Section 5, article VI, of the Constitution, gives the superior courts original jurisdiction in all civil cases and proceedings except those in which jurisdiction is given by law to municipal or to justices' or other inferior courts, with some other exceptions not material here; and section 13, article VI, authorizes the legislature to fix by law the jurisdiction of municipal courts. By reason of these provisions there can be no overlapping or concurrent jurisdiction of these courts. This action was filed, and the transfer to the municipal court was made after the code amendments of 1933 became effective; hence jurisdiction over the action is fixed [16 Cal. App. 2d Supp. 763] by section 89 of the Code of Civil Procedure, enacted in 1933, which gives municipal courts jurisdiction of certain specified equitable actions, none of which has any relation to the case at bar, and also "(a) In all cases at law in which the demand, exclusive of interest, or the value of the property in controversy amounts to two thousand dollars or less, except cases which involve the legality of any tax, impost, assessment, toll or municipal fine. ... (d) In all proceedings in forcible entry or forcible or unlawful detainer, where the rental value is two hundred dollars or less per month, and where the whole amount of damages claimed is two thousand dollars or less." Nothing in this section gives municipal courts any jurisdiction over actions for declaratory relief. Section 1060 of the Code of Civil Procedure confers jurisdiction of such actions upon superior courts only.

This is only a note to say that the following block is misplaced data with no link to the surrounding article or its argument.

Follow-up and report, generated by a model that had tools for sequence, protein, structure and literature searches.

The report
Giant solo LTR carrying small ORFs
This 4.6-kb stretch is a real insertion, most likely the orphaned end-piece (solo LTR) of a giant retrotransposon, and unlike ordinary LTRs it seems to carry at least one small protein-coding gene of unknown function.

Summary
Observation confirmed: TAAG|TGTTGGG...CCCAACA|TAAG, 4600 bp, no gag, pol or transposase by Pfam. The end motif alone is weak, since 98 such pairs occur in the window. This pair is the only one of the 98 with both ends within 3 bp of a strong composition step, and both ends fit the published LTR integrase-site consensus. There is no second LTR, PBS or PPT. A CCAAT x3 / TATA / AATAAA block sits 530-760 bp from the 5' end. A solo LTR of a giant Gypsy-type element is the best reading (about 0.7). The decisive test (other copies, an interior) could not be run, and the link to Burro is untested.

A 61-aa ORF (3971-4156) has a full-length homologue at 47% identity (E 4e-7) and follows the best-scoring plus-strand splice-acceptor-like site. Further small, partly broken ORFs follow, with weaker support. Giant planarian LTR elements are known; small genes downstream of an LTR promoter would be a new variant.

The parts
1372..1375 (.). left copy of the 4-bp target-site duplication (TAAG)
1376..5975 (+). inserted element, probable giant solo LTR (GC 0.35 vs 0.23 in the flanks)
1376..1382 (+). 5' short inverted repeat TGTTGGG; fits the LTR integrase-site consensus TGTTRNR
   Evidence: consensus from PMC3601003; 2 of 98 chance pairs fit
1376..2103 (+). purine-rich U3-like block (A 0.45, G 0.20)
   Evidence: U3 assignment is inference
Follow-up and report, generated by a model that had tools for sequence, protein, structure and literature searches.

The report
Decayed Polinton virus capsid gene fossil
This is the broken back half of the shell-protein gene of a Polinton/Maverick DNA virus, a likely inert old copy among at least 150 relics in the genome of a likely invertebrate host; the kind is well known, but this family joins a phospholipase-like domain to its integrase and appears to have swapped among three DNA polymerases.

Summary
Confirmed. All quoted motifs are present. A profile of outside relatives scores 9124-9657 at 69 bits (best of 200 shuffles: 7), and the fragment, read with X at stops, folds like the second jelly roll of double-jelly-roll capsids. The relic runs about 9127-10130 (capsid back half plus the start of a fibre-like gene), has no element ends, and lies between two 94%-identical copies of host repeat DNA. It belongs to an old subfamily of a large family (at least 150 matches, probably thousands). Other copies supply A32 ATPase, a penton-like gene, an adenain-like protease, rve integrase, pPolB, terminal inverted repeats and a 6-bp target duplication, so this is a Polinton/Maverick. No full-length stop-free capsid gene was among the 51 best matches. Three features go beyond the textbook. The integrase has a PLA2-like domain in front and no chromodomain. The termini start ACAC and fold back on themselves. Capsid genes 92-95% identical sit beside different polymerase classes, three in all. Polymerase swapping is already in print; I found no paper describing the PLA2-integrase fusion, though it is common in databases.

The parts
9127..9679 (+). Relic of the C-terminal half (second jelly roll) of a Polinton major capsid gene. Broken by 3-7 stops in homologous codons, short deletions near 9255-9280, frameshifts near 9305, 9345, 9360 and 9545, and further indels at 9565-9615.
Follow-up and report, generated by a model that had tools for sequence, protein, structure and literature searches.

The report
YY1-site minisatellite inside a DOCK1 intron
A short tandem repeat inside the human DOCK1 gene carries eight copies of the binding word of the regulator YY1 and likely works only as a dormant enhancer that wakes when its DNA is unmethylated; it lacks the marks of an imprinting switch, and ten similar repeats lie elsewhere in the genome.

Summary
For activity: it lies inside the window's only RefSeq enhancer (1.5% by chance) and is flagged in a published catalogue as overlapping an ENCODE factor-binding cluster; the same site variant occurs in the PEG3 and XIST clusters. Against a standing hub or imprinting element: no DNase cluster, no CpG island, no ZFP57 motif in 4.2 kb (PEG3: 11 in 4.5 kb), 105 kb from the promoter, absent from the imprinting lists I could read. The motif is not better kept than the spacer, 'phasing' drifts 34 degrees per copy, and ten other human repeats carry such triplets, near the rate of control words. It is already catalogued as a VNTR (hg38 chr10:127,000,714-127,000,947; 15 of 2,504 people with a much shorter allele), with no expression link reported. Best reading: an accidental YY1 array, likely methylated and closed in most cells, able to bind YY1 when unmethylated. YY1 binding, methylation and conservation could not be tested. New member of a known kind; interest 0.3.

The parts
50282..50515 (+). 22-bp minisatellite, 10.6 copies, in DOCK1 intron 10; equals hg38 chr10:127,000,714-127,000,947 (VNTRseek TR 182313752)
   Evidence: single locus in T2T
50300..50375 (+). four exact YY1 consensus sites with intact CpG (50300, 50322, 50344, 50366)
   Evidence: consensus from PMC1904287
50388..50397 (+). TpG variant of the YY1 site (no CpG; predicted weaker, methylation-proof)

[1] By the terms of that part of section 396 above quoted, jurisdiction for the purpose of a transfer must be determined by the complaint. In this respect the section sets up the same rule which has been established by judicial decision as to the mode of determining jurisdiction generally. (Becker v. Superior Court, 151 Cal. 313, 316 [90 P. 689]; Gardiner v. Royer, 167 Cal. 238, 244 [139 P. 75]; Hammell v. Superior Court, 217 Cal. 5, 7 [17 PaCal.2d 101]; Holbrook v. Phelan, 121 Cal. App. Supp. 781, 783 [6 PaCal.2d 356]; San Jose etc. Assn. v. Corum, 2 Cal. App. 2d 276, 278 [37 PaCal.2d 866]; Wells Fargo etc. Co. v. Broad, 3 Cal. App. 2d 45, 47 [39 PaCal.2d 241].) The third amended complaint herein, upon which the transfer was made contains three counts. Count 1 is hereinafter discussed. [2] Count 2 is, in effect, a proceeding in unlawful detainer and it expressly alleges that the rental value is more than $200 per month. Count 3 is substantially an action of ejectment and it expressly alleges that the value of the property in controversy is more than $3,000. Nothing more is needed to show that, under the constitutional and statutory provisions above cited, the superior court had, and the municipal court did not have, jurisdiction over the causes of action stated in counts 2 and 3.